Yoga Ban In Alabama Schools Remains Due To Fears Of Hinduism Spreading

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Nicole Iuzzolino Contributor
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A bill in Alabama that would have lifted the 1993 ban on yoga in public schools has stalled in the state’s Senate, CBS News reported Thursday.

During a hearing of the Alabama state Senate Judiciary Committee on Wednesday, representatives from two conservative groups objected, stating concerns that yoga could promote Hinduism and guided meditation practices, Associated Press reported.

“This whole notion that if you do yoga, you’ll become Hindu — I’ve been doing yoga for 10 years and I go to church and I’m very much a Christian,” said Democratic State Rep. Jeremy Gray, who sponsored the bill that has stalled in the state’s Senate.

Gray, who is also a former cornerback from North Carolina State University, said that he was introduced to yoga while playing football. He said yoga could provide many physical and mental benefits for students.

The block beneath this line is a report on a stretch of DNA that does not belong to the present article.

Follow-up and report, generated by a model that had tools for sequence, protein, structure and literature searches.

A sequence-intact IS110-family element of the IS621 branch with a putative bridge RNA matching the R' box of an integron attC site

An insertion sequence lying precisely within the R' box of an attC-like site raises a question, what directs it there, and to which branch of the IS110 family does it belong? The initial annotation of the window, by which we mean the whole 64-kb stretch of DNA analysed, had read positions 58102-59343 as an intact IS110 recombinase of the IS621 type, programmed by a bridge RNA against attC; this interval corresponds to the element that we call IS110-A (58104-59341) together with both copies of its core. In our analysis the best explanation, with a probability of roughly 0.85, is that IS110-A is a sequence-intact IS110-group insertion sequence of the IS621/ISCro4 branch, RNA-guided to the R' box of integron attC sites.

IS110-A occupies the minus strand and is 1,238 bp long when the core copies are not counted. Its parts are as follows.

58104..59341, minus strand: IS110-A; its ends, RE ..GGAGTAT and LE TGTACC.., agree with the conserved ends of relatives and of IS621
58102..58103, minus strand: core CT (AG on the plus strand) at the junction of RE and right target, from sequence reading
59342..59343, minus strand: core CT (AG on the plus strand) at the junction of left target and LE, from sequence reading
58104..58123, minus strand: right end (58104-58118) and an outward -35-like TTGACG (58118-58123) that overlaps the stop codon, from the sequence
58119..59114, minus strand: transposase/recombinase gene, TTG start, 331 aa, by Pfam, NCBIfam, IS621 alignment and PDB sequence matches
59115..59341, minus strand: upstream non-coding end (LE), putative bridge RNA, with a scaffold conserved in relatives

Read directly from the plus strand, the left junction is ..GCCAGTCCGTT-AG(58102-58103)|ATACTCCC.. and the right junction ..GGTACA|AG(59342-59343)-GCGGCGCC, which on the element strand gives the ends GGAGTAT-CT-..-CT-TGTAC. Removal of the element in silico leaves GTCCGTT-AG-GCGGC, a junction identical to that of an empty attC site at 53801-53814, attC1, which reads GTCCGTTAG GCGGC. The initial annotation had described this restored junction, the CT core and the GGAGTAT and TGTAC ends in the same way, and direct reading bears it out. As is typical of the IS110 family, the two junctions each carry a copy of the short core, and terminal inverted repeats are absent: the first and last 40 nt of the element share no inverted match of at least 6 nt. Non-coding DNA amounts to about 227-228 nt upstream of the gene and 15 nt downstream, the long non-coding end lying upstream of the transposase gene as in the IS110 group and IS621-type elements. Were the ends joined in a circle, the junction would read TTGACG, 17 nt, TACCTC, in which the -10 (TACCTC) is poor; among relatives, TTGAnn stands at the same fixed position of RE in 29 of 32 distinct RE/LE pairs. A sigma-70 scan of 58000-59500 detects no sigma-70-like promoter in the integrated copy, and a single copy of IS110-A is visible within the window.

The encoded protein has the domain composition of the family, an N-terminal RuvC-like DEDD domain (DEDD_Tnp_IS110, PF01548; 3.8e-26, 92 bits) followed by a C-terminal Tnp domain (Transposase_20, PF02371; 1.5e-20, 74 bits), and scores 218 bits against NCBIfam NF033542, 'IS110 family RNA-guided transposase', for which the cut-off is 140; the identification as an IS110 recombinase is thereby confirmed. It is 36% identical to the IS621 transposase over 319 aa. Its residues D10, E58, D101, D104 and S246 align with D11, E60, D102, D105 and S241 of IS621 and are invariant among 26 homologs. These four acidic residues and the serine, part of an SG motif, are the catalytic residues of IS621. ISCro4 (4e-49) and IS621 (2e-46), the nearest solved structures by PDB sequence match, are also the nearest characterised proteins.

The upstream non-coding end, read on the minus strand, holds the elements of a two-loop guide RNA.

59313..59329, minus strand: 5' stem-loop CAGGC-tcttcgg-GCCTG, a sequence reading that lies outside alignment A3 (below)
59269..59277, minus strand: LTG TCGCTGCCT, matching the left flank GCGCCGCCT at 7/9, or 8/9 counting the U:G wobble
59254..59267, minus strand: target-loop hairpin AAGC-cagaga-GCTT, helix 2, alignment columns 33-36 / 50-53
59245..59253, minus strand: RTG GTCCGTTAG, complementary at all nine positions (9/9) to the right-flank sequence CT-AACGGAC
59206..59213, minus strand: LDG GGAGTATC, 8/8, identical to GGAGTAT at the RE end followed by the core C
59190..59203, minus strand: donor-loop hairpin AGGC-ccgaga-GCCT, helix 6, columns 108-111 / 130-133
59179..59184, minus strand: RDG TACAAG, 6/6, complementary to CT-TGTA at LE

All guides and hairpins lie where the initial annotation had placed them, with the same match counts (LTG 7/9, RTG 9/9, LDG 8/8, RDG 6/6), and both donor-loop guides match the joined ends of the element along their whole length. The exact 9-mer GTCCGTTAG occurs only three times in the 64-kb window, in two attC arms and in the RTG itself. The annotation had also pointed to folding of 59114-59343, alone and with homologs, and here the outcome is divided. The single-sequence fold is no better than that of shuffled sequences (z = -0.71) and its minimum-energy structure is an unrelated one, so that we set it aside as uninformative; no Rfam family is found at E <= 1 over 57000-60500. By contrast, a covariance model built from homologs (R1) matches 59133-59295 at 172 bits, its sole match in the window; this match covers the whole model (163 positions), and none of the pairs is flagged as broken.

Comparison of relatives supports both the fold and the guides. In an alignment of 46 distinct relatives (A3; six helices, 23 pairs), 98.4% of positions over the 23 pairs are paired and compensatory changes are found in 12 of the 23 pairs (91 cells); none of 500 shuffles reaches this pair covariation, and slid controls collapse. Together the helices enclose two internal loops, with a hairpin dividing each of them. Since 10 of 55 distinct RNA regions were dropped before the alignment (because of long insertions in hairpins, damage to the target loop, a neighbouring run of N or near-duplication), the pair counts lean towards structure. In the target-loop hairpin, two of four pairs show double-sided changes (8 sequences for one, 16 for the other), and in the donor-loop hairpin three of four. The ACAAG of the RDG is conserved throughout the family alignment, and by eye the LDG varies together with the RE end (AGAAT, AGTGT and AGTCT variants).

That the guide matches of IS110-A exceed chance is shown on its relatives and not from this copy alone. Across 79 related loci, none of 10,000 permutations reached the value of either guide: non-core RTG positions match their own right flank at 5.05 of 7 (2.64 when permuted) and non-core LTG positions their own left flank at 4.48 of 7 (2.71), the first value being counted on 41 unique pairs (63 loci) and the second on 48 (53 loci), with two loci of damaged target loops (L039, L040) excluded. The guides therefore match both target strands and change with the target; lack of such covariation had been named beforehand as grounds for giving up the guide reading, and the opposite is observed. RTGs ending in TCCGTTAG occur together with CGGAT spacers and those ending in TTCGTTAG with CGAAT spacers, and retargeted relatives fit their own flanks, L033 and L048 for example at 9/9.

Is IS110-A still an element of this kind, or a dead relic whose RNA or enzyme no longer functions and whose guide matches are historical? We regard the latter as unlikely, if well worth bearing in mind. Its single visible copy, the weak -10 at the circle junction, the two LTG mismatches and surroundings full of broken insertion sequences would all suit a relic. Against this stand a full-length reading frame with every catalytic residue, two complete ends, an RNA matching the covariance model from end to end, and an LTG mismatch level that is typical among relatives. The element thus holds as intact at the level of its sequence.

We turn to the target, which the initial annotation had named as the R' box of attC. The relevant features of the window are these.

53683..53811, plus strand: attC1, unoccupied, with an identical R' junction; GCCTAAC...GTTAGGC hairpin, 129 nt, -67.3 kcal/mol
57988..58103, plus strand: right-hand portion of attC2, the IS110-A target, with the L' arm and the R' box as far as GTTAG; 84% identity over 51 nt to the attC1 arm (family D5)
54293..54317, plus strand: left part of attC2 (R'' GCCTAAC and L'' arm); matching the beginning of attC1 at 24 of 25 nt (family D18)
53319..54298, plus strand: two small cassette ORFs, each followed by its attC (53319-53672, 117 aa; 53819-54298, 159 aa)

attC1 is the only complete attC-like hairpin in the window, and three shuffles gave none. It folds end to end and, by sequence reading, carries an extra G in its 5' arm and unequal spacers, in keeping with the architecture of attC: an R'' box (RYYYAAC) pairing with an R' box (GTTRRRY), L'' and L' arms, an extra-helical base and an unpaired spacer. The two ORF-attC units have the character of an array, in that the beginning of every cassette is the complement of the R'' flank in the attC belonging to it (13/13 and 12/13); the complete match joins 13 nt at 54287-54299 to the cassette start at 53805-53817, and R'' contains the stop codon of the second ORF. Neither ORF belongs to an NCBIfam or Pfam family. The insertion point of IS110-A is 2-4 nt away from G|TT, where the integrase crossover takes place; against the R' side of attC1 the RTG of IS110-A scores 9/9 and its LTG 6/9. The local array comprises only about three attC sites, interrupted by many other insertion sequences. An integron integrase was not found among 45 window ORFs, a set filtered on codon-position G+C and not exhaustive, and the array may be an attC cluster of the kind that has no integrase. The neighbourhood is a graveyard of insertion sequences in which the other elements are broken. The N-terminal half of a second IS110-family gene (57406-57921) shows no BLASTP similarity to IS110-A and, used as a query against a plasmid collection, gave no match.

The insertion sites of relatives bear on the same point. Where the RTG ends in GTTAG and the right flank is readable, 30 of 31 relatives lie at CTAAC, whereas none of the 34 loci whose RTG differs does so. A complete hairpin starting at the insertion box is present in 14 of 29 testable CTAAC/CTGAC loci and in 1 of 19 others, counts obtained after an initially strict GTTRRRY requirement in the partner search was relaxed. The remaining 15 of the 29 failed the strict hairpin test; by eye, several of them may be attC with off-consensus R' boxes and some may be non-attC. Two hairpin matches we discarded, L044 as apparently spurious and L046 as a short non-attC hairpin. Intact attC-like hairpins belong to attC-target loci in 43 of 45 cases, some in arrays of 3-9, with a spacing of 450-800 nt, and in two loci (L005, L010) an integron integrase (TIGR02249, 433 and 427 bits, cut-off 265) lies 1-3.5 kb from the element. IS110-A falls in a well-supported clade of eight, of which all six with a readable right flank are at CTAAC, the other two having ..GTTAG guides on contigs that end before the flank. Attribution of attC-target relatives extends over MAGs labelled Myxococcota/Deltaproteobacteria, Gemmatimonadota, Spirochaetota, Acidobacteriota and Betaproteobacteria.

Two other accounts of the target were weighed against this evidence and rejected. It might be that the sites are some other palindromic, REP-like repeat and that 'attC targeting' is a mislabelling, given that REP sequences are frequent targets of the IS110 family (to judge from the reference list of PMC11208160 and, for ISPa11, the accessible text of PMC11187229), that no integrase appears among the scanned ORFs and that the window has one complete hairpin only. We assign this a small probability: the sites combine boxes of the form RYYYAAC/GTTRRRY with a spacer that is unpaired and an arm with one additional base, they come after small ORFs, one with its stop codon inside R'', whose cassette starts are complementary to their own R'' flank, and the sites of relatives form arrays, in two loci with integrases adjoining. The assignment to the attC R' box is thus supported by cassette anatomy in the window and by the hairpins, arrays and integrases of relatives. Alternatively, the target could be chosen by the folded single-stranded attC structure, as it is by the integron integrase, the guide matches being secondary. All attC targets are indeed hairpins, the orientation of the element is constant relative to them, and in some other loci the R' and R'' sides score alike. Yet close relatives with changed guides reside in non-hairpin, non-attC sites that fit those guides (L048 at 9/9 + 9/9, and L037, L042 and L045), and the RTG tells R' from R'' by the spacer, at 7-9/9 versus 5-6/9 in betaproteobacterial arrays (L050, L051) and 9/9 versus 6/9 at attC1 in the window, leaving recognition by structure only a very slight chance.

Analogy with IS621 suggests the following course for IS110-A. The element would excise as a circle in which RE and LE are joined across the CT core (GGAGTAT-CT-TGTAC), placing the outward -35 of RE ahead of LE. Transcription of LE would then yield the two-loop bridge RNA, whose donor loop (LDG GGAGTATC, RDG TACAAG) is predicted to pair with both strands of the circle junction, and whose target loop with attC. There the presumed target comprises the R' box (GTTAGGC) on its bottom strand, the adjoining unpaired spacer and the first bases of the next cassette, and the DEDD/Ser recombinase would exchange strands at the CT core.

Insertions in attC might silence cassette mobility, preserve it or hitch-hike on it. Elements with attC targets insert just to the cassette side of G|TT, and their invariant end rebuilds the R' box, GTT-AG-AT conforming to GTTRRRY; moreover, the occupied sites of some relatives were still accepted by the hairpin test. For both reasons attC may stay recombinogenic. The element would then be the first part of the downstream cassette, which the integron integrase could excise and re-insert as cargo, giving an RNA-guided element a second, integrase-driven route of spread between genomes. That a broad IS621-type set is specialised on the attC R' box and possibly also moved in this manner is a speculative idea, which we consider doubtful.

The bill, which was first introduced in 2019, would have allowed yoga as an elective course to students from kindergarten to grade twelve, and they would have learned yoga poses, exercises and stretching techniques. The bill further states that, “chanting, mantras, mudras, the use of mandalas, and namaste greetings shall be expressly prohibited.”

“I can give you tons of reasons why yoga is beneficial and those reasons are backed by studies and data. There is no study to my knowledge that says doing yoga exercise converts people to Hinduism,” Gray wrote in an email to CBS News. (RELATED: Religious Leader Calls On High-End Designer To Pull ‘Insensitive’ $2,000 Leather Yoga Mat)

Under the legislation, children would “have the option to opt out in favor of alternative activities, which shall be made available.”

“This bill is not making anyone do yoga, it’s just making it an option which will be left up to local boards of education,” Gray said in an email to CBS News.

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